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Somerset Elementary celebrates 25 years of friendships
When you’re an elementary-age student, having a good friend in the same grade can change the way you feel about school.
Second graders at Somerset Elementary in Mendota Heights, however, are learning that a good friend who’s a bit older (sometimes more than 80 years) can change you for life.
On Nov. 22, second-grade students at Somerset met for the first time with the grownup counterparts who will mentor, help, play with and write to them through the upcoming school year as part of the school’s Special Pals in Fun Friendship program.
SPIFF pairs each second grader with an older adult volunteer who serves as a friend and partner through several school activities and outings throughout the school year (and often beyond). This year is especially important for SPIFF: not only is it the 25th anniversary, but the four second-grade classes totaling 99 students make it the biggest year in the program’s history.
Singing away shyness
To mark the occasion, school staff kicked off the program Nov. 22 with a friendship fair that drew special guests such as school Principal Sara Palodichuk, District Superintendent Nancy Allen-Mastro and Minnesota Education Commissioner Brenda Cassellius.
A room packed with nearly 100 second graders is never dull, but the excitement was brought to a tipping point by one teacher, a microphone and a CD of sing-along songs. The teacher, Alex Messicci, is the one responsible for launching SPIFF 25 years ago, and as he strolled around the room chatting, laughing and holding out the microphone for any student up for a solo, it seemed evident his enthusiasm hasn’t dulled a bit over the years.
In a break between songs, Messicci explained to the students how his father first taught him the power of music and making friendships on family camping trips when Messicci was a child.
“In the evening, he would pull out his big brown suitcase and lift up his accordion and start playing around the campfire, and people started coming around,” Messicci said. “Strangers became friends under July skies, and that’s what we’re doing here today. So God bless my dad. It’s not exactly July skies, but there’s a lot of warmth in the room.”
Breath of fresh air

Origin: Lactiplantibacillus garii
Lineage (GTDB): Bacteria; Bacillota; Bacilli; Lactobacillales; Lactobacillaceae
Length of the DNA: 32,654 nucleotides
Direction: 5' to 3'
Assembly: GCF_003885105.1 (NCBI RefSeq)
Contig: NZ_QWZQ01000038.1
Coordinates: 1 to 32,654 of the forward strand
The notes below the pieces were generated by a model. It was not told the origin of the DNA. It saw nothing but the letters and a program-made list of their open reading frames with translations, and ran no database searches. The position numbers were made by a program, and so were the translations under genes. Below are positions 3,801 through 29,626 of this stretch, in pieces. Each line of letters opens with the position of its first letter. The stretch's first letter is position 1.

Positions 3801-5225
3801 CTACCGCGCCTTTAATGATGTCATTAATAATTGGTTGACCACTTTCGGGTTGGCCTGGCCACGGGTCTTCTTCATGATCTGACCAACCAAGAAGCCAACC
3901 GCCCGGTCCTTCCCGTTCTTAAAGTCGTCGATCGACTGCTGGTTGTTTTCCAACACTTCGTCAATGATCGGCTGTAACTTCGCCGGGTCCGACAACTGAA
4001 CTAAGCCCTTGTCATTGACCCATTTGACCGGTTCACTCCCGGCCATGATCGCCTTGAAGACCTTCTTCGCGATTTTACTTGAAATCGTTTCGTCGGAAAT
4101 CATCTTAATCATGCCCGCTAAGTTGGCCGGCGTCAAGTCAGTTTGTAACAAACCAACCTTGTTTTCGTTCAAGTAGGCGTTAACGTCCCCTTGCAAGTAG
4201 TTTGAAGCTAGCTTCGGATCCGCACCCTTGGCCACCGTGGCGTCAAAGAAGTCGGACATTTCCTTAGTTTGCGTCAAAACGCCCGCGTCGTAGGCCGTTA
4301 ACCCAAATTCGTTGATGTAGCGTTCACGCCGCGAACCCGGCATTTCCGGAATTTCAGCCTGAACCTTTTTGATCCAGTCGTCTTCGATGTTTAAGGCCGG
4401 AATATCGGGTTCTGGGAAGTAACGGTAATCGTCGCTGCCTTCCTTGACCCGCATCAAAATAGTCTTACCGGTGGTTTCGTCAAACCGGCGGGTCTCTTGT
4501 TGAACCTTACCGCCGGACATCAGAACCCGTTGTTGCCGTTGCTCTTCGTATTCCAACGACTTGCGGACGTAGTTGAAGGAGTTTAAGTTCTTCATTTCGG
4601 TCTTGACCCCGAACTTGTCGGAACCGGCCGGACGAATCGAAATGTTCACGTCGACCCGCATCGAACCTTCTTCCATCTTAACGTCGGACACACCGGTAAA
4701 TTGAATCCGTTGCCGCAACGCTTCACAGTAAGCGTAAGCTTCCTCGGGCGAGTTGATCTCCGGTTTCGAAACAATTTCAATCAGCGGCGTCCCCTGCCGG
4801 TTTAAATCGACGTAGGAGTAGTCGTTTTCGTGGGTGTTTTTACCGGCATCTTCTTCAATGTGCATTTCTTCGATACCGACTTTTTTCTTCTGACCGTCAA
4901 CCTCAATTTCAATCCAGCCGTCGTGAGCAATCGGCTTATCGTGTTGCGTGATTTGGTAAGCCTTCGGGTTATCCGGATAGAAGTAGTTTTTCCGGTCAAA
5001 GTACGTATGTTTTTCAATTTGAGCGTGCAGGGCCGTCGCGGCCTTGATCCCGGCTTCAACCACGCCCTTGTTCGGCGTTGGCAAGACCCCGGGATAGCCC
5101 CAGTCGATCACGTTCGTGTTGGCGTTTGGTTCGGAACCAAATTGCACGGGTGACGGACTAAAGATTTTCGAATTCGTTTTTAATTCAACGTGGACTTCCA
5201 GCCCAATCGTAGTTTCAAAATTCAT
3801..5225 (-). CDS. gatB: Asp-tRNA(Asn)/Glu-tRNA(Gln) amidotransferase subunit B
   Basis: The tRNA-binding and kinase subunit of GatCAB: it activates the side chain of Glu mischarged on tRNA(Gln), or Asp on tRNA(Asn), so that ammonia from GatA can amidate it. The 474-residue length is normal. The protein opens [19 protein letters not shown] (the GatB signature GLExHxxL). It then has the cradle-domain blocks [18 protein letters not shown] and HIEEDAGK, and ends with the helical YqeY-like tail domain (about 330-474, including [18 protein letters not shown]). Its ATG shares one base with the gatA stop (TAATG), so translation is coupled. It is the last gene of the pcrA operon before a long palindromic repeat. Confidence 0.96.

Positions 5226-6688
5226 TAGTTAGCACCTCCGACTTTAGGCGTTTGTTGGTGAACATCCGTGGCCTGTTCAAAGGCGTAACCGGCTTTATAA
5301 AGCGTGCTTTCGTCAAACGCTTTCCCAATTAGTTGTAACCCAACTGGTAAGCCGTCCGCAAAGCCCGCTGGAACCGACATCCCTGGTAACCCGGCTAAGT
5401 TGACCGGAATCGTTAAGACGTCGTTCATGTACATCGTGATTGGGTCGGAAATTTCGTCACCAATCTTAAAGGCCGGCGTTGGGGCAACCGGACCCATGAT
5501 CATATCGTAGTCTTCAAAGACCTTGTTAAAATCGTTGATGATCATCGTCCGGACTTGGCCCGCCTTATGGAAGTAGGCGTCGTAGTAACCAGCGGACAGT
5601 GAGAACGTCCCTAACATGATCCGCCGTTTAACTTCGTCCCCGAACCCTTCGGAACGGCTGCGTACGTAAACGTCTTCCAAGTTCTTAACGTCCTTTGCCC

Despite SPIFF’s success — around 1,700 friendships over the course of the program — Messicci is quick to deflect attention from himself. Instead, he prefers to point out the contributions of the volunteers, or “pals.” The benefit of SPIFF, Messicci explained, is not just providing students with another friend: the age differences between pals and students offer a hidden wealth of educational value.
“It’s fun for the children, but it also gives them experience with someone from another generation,” Messicci said. “It’s like real-life history.”
For the students, however, getting to know the pals doesn’t feel like a homework assignment. For one student in Angela Brignac’s class, the highlight of meeting her pal Sandra Gonder Nov. 22 was the discovery they share a love of mystery stories. Sitting together in a corner of the classroom with an open book and an unsolved case, it hardly seemed possible the pair was engaged in something as potentially onerous as reading practice.
“At times, the four walls of the classroom can close in,” Messicci explained. “This breathes new air into it.”
For the volunteers, of course, the relationships are rewarding in a different way. Some have grandchildren the same age as their newly-assigned friends.
Others, such as Susan Lucio, get involved because they can see the benefit SPIFF had on their own children. Lucio’s daughter was in second grade at Somerset the year Messicci started SPIFF.
“He was a brand-new teacher just coming in,” Lucio recalled.
Her daughter, Alana Lucio, is now a teacher herself over at Garlough Elementary, and kept in touch with her SPIFF pal for years after.
“I really truly think the connection the children make with us and we make with them is really valuable,” Susan Lucio said. “They learn from us and we learn from them.”
Relationships that last well beyond the school year are not at all uncommon for SPIFF. Millie Gignac, a 93-year-old volunteer, still corresponds with the very first second grader she was paired with 13 years ago; that student is now in college pursuing a career as a pharmacist.
Gignac says she’ll continue to participate in SPIFF “as long as I can write (legibly).”
(Self-esteem boosts can be an added benefit of the program: when Gignac challenged her new friend Olivia Nunez to guess her age, Olivia hesitantly ventured, “30?”)
While the first day always seems to go by too quickly, SPIFF has a full slate of activities lined up for the year ahead, including holiday caroling, bowling, art classes and field trips. The enthusiasm that students, volunteers and teachers hold for the year ahead seems to emulate the trajectory of the program. For Messicci, 25 years of SPIFF have only made the program stronger and better-supported.
“The excitement builds through the years,” Messicci said. “Now it’s like a train going downhill, but we don’t want it to stop.”
Luke Reiter can be reached at email@example.com or at 651-748-7815.